What other ways have you found to keep living green at  Christmas?

Photo © Tatyana Chernyak | Dreamstime.com

The Cost of LED Lighting

LED lgiht bulbWhile many businesses have cottoned on to the cost-savings offered by smart LED lighting systems, us would-be green homeowners are taking a while to catch on.

The most common reaction to reading about LEDs is:

”They sound wonderful, but how much do they cost?”

“What???!!!! I could buy ten ordinary light bulbs for that!”

And then they put the idea on the back burner until they win the lottery.

The thing is that businesses have done their research, worked out investment v. return and their sums come out looking good. For a business a 90% saving in energy bills translates to a big reduction in overheads. The initial investment may be substantial but it is far outweighed by the long term savings. Put simply, LEDs make good business practice.

So why are many home-owners still dragging their heels? Partly I suspect because the lighting energy bills of a home are a fraction of what they are in a business. However with the ever rising price of electricity any way of saving energy is starting to look more and more attractive.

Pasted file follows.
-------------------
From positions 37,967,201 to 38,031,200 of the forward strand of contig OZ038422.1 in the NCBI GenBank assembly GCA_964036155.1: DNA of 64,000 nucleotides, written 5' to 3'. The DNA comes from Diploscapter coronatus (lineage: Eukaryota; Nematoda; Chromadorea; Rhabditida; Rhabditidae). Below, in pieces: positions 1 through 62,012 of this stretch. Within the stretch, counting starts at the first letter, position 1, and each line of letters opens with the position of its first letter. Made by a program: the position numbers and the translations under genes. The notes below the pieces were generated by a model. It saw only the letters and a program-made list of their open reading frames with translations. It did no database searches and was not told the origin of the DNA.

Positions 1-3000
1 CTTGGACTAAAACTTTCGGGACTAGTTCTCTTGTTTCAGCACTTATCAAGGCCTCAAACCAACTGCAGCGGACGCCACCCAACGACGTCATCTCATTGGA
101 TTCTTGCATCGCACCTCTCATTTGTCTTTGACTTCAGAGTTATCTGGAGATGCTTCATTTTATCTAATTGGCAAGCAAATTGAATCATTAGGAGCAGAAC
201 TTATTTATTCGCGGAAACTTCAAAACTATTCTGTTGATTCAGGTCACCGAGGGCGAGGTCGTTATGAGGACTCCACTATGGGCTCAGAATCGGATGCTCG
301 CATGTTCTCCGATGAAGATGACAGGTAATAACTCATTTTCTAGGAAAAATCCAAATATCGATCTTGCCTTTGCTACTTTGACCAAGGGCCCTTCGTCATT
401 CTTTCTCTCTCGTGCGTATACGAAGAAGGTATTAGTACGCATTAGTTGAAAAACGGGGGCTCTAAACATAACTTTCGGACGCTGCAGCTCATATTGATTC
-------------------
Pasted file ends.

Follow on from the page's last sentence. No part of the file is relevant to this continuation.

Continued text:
So to encourage us purse-strapped greenies along the way to converting to LED lighting, here are a few other things you can buy for the price of an LED light bulb, which as you’ll remember lasts for about ten years, saving you money on your electricity bills all the while and is at the end of its life non-toxic and recyclable.

pizzaA pizza – probably a large pizza with posh toppings, and maybe a glass of wine thrown in, but still – it lasts an evening, makes you feel bloated and you wake up regretting it next morning. No contest here – buy an LED light bulb and eat something healthy at home instead!

 

ponyTwo Schleich ponies – for my daughters this one would win out every time… but if you think about it, they’ll play with them for perhaps 2-4 years at the outside and after that they’ll just be a piece of plastic clutter that they’ll want to keep to pass on to their own children, who may turn out to prefer Lego or Galactic star-cruisers to ponies anyway!